I was told by Aaron Webber that Monkey Fight was also going to be included, though it would be different from the Monkey Fight we saw in the original and (thankfully) SMB3D. So it may not be Monkeys with boxing gloves on springs, but it also won’t be a bad Smash Bros clone.

Aside from the main game and the mini games, there is also has a random stage generator created by photos you take. The mode doesn’t seem to be completed yet, given that the photos I took didn’t seem to appear in the actual stage. Still, this mode is an interesting addition to the franchise. In order to create the stage, you need to shake the Vita. The harder you shake it, the more difficult the stage is. It’s an interesting way for the game to decide the stage’s difficulty and if you shake it so hard that you lose your grip on the Vita and you bust up the screen….well that just makes the stage even harder to beat, right? No word on Boob mode heading to America, unfortunately. Keep your fingers crossed!

The demo also has motion controls. Motion controls are nothing new to the franchise, and they work just as well here as they have since they perfected them in Super Monkey Ball 2 for iOS. The motion controls are accurate and work well, though they make the most difficult stages in the demo even more impossible. It’s a good option for people who prefer to motion control of the iOS and 3DS games over analog.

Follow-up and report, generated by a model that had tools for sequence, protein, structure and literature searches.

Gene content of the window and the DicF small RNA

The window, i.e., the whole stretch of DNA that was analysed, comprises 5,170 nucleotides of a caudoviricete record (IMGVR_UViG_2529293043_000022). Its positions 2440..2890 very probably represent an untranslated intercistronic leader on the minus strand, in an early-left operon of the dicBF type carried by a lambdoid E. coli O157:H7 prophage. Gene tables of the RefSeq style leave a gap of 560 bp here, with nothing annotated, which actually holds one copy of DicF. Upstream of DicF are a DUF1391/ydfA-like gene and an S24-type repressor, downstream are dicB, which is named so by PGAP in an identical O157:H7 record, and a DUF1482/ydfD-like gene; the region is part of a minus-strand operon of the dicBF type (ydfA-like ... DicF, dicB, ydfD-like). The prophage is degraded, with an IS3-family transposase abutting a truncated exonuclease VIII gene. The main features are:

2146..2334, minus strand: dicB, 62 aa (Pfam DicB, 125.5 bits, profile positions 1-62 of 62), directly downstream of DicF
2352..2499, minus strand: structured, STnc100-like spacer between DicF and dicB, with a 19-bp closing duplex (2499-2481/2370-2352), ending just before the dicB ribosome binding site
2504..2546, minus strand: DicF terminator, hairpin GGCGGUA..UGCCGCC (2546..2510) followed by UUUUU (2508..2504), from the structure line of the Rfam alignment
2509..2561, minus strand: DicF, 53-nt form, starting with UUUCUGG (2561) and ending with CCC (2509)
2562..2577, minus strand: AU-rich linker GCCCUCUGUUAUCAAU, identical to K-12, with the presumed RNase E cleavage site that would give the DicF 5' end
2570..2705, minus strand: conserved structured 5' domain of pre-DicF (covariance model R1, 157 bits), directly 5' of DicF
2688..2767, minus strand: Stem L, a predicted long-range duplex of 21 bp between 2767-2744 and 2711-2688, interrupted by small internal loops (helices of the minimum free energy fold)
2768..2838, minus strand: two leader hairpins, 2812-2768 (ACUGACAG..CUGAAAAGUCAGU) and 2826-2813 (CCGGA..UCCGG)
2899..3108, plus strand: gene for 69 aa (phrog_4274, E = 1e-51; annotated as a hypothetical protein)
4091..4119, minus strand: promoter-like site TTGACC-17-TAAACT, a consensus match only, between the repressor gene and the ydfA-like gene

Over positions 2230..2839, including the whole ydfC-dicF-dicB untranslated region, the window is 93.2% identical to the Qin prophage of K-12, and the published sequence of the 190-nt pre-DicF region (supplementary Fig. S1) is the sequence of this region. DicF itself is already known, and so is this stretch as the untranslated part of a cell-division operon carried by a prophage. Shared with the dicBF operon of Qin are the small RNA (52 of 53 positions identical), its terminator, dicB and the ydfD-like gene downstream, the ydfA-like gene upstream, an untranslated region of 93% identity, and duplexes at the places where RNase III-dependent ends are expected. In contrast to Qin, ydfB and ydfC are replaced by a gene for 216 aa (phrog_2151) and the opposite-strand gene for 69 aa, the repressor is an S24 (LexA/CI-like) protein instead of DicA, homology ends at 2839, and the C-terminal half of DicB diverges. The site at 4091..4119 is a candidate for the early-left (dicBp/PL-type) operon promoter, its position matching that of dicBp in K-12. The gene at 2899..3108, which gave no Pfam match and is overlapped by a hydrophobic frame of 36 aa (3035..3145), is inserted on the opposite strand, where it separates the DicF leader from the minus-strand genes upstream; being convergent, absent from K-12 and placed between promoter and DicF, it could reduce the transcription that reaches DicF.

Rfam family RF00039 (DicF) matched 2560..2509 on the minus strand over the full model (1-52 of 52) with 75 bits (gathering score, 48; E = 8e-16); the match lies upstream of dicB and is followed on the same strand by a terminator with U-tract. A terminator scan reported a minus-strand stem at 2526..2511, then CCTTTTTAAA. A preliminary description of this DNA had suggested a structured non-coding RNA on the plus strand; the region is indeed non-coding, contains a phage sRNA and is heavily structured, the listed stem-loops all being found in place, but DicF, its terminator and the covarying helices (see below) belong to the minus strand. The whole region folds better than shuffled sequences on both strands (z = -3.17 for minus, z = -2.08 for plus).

Graphically, Banana Splitz is as colorful and bright as any Monkey Ball game is. The game is sharp and free of jaggies, with the classic Monkey Ball art style looking better than ever thanks to the Vita’s horsepower. The game doesn’t look quite as nice as Little Deviants, which is probably the best example of cartoon graphics on the system, but so long as you aren’t expecting anything on the level of Sonic Generations, you won’t be disappointed. This is the best looking Monkey Ball game ever made.

Overall, Banana Splitz is the best Monkey Ball game I’ve played in a long time, and a good return to form for the franchise after SMB3D. Monkey Ball fans should be pleased. There are no silly gimmicks, no sacrifices in difficulty or features, no railings, and the mini games are either extensions of classics or all new mini games that compliment them perfectly. This lack of new innovations or massive changes to the formula may turn off people who are just sick of Monkey Ball in general or never cared for the franchise, but this game isn’t really for those people. This game is for Monkey Ball fans of all ages.  Super Monkey Ball fans, this is the game you have been waiting for. Check it out when it arrives on the Vita October 23rd!

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4 responses to “E3 2012: Super Monkey Ball Banana Splitz Hands On

  1. Aki-at says:

    This sounds amazing, I’m glad to see one of SEGA’s best series from last gen is getting the title it deserves this generation, so far I’ve liked what I’ve seen.

    Shame I do not have a Vita, or I would have seriously picked this up. Thanks for the write up Nuckles.

  2. SigmaAlpha says:

    From the preview it seems that it’s the same as the demo that’s up on the JP PSN store.

    And I agree with the preview, really looking forward to this.

  3. Radrappy says:

    great write up. Glad to hear it’s shaping up nicely given that this is one of Sega’s few IPs that has a wide general appeal. I will say though that Banana Blitz definitely looked better artistically and graphically.

  4. ShadiNeko says:

    Nuckles Monkey Balls impressions

    sounds good